Appetite-Control Hormone May Cut Alzheimer's Risk
High leptin levels linked to lower rates of disease
By Rob Quinn,  Newser Staff
Posted Dec 16, 2009 5:00 AM CST
The hormone leptin, discovered in the '90s, plays a critical role in regulating appetite and weight.   (Shutter Stock)

(Newser) – High levels of a hormone that regulates appetite has been linked to a much lower risk of developing Alzheimer's disease in new research. Scientists probing the connection between obesity and Alzheimer's found that out of the 198 volunteers studied, those with the highest levels of leptin were four times less likely to develop the disease than those with the lowest, raising new possibilities for treatment.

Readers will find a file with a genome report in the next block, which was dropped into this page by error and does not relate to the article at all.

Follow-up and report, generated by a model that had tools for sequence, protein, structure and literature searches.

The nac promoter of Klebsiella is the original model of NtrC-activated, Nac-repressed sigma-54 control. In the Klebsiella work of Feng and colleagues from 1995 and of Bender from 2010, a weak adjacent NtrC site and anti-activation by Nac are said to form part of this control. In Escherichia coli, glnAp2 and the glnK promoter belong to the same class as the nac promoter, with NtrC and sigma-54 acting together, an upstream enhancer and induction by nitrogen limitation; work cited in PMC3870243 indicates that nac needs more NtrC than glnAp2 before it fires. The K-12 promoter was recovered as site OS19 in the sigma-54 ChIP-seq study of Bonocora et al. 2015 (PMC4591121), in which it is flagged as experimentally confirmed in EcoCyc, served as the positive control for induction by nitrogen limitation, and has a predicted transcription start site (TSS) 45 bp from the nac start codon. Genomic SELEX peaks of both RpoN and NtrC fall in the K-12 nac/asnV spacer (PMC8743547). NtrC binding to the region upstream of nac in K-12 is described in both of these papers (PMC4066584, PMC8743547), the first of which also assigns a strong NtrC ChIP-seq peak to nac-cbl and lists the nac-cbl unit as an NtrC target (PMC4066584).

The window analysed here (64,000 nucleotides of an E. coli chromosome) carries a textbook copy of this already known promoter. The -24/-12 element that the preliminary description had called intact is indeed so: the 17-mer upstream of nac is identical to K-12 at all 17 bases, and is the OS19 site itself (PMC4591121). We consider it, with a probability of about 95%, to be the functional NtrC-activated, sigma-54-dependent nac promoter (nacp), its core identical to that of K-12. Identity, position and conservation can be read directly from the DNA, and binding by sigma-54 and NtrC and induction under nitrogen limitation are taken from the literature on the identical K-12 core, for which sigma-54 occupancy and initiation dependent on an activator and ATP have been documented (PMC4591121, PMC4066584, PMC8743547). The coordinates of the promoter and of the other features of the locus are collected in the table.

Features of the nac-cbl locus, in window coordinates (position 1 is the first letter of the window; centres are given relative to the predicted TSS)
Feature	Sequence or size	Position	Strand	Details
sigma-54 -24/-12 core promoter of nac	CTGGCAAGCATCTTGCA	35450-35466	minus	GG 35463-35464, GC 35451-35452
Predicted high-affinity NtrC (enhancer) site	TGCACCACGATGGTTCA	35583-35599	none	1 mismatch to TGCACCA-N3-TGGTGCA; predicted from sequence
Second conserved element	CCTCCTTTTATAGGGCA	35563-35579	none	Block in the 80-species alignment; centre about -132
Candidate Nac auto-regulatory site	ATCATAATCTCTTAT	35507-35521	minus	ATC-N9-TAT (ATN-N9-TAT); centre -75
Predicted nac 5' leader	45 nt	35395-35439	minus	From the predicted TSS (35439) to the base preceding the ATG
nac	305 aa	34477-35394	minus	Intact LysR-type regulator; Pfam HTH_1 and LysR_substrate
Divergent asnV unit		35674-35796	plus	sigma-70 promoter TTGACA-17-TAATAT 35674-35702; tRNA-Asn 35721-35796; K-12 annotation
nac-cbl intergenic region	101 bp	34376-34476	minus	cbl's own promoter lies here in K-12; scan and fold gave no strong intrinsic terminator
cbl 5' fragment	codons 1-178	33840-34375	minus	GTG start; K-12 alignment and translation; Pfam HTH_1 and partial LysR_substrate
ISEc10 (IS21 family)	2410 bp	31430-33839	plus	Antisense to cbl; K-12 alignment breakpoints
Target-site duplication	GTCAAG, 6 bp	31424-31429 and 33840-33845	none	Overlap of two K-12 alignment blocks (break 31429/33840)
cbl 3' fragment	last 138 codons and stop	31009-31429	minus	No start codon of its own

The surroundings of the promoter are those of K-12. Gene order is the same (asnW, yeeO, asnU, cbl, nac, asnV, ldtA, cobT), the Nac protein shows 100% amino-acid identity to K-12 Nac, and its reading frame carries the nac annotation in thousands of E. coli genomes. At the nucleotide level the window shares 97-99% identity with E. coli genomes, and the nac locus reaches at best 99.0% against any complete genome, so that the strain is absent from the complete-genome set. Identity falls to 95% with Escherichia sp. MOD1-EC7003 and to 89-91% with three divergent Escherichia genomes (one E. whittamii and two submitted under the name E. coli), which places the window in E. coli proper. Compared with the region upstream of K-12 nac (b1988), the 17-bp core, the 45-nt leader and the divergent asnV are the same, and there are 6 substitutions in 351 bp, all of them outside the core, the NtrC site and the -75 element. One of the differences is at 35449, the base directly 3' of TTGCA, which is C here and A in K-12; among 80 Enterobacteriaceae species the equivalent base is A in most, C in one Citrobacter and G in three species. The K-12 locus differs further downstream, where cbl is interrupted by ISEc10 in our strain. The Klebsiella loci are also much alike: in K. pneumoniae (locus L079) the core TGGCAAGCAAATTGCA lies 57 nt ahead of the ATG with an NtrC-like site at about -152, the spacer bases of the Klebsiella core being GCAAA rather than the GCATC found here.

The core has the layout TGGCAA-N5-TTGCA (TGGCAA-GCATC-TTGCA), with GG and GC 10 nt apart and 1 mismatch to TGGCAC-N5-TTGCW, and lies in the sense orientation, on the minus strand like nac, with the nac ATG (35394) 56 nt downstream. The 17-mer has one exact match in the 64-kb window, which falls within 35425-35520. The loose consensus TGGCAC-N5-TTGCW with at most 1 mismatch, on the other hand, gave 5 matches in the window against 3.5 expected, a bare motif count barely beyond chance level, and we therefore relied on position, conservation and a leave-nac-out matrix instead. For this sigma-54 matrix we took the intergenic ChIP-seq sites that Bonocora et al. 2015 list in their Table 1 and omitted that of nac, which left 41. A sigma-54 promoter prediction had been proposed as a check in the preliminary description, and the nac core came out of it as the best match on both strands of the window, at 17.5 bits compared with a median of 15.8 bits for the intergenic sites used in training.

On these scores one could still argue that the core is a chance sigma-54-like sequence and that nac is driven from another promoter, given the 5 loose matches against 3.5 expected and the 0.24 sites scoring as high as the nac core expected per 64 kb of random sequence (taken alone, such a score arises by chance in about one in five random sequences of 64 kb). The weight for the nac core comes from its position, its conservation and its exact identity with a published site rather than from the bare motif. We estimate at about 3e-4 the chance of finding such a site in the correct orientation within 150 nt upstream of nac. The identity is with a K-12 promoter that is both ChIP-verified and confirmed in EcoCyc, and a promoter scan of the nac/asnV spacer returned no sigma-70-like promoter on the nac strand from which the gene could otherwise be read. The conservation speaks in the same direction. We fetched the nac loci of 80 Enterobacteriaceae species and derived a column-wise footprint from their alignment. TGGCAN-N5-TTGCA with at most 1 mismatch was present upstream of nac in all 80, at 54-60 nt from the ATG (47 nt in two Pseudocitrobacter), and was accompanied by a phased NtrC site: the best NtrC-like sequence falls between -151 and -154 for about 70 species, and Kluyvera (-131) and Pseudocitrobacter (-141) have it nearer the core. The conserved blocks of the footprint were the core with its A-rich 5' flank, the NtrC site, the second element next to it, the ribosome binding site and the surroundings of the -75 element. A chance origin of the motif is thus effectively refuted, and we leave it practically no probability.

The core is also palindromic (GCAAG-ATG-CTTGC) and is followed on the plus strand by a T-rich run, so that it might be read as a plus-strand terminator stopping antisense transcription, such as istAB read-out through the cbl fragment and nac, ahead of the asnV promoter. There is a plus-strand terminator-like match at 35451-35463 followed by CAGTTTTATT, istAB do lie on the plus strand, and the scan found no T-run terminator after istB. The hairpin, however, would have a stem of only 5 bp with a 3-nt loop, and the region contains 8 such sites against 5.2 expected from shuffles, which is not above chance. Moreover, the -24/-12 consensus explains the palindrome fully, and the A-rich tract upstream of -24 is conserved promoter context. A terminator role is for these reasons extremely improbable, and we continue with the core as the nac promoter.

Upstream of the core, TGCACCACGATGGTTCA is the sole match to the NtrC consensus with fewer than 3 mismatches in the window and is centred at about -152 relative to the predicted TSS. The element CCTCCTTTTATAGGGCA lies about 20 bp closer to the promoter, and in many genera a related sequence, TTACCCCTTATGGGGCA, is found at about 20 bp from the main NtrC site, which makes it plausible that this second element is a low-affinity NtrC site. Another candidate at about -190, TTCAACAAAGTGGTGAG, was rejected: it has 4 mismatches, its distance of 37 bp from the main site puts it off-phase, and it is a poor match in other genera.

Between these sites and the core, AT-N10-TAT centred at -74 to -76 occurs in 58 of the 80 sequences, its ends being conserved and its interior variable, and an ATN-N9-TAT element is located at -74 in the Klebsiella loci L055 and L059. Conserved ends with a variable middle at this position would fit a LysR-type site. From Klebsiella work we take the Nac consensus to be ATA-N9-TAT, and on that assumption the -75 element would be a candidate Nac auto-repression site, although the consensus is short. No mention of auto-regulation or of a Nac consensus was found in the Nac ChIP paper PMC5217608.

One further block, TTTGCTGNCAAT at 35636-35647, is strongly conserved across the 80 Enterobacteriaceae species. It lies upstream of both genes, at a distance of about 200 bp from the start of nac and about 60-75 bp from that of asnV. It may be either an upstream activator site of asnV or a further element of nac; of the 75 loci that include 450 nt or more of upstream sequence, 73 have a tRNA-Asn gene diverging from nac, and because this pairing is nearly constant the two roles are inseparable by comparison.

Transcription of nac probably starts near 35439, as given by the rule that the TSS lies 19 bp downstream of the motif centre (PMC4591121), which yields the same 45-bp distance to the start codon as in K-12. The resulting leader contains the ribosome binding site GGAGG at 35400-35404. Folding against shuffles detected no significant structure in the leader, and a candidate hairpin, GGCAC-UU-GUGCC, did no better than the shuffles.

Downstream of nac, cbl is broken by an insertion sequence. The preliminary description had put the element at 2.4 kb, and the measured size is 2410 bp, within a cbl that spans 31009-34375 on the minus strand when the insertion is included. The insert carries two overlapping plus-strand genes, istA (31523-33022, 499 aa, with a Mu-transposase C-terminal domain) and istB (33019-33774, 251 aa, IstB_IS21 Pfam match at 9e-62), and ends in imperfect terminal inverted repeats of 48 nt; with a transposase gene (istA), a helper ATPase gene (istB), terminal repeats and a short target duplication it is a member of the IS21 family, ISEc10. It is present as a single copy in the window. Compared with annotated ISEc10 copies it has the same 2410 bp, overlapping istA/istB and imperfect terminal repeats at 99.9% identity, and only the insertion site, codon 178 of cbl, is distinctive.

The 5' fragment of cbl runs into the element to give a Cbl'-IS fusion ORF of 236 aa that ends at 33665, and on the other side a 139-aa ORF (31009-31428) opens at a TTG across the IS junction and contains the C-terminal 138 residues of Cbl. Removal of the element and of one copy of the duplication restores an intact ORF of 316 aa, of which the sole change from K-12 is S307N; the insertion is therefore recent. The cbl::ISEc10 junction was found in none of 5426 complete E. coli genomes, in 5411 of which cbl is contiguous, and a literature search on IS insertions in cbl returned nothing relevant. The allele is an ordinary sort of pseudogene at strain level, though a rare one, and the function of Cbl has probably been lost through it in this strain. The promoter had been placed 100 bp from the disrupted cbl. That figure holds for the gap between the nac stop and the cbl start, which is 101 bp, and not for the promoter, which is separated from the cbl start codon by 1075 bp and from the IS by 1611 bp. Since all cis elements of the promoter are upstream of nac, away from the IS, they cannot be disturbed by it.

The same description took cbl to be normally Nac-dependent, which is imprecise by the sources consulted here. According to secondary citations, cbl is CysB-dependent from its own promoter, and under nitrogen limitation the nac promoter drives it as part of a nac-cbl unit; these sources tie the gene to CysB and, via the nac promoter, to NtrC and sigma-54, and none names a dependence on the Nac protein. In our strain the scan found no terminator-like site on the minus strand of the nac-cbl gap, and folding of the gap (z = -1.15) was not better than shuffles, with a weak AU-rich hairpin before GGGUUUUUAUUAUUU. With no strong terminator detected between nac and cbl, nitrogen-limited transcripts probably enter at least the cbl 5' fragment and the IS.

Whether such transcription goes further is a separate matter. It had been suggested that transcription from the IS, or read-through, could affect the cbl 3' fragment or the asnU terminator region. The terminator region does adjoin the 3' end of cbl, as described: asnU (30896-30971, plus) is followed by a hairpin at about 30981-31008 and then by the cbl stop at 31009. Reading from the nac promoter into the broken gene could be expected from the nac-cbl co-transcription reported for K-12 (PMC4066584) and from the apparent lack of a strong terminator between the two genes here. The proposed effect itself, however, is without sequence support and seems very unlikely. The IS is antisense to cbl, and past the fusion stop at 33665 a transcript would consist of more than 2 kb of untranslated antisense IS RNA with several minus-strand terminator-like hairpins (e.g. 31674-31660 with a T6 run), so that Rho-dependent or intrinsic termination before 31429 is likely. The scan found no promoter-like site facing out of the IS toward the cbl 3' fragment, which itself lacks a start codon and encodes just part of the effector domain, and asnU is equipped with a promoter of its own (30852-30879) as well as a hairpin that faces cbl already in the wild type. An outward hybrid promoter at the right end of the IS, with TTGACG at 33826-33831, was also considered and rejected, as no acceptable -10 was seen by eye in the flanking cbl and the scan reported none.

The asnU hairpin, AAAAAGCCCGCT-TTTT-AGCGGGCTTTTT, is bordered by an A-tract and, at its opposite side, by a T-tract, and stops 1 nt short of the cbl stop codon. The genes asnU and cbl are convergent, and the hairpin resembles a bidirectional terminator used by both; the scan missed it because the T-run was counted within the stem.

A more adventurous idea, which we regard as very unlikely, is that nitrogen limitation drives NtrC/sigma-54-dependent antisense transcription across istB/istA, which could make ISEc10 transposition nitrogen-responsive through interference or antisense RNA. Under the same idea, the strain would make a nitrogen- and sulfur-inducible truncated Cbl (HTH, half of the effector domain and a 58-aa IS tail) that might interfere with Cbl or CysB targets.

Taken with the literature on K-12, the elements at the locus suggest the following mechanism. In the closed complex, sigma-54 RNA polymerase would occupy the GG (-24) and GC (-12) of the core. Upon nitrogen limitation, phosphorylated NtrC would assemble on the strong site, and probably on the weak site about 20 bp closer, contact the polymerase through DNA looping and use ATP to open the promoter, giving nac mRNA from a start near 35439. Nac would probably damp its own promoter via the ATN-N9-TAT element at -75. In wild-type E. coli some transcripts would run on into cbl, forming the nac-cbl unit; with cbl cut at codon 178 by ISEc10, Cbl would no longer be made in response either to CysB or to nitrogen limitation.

Leptin, produced by fat cells, has been shown to play a vital role in regulating weight and scientists now believe it also affects brain function. If further studies back up their findings, leptin levels could become one of the main "biomarkers for healthy brain aging and, more importantly, may open new pathways for possible preventive and therapeutic interventions," the researchers write.
 

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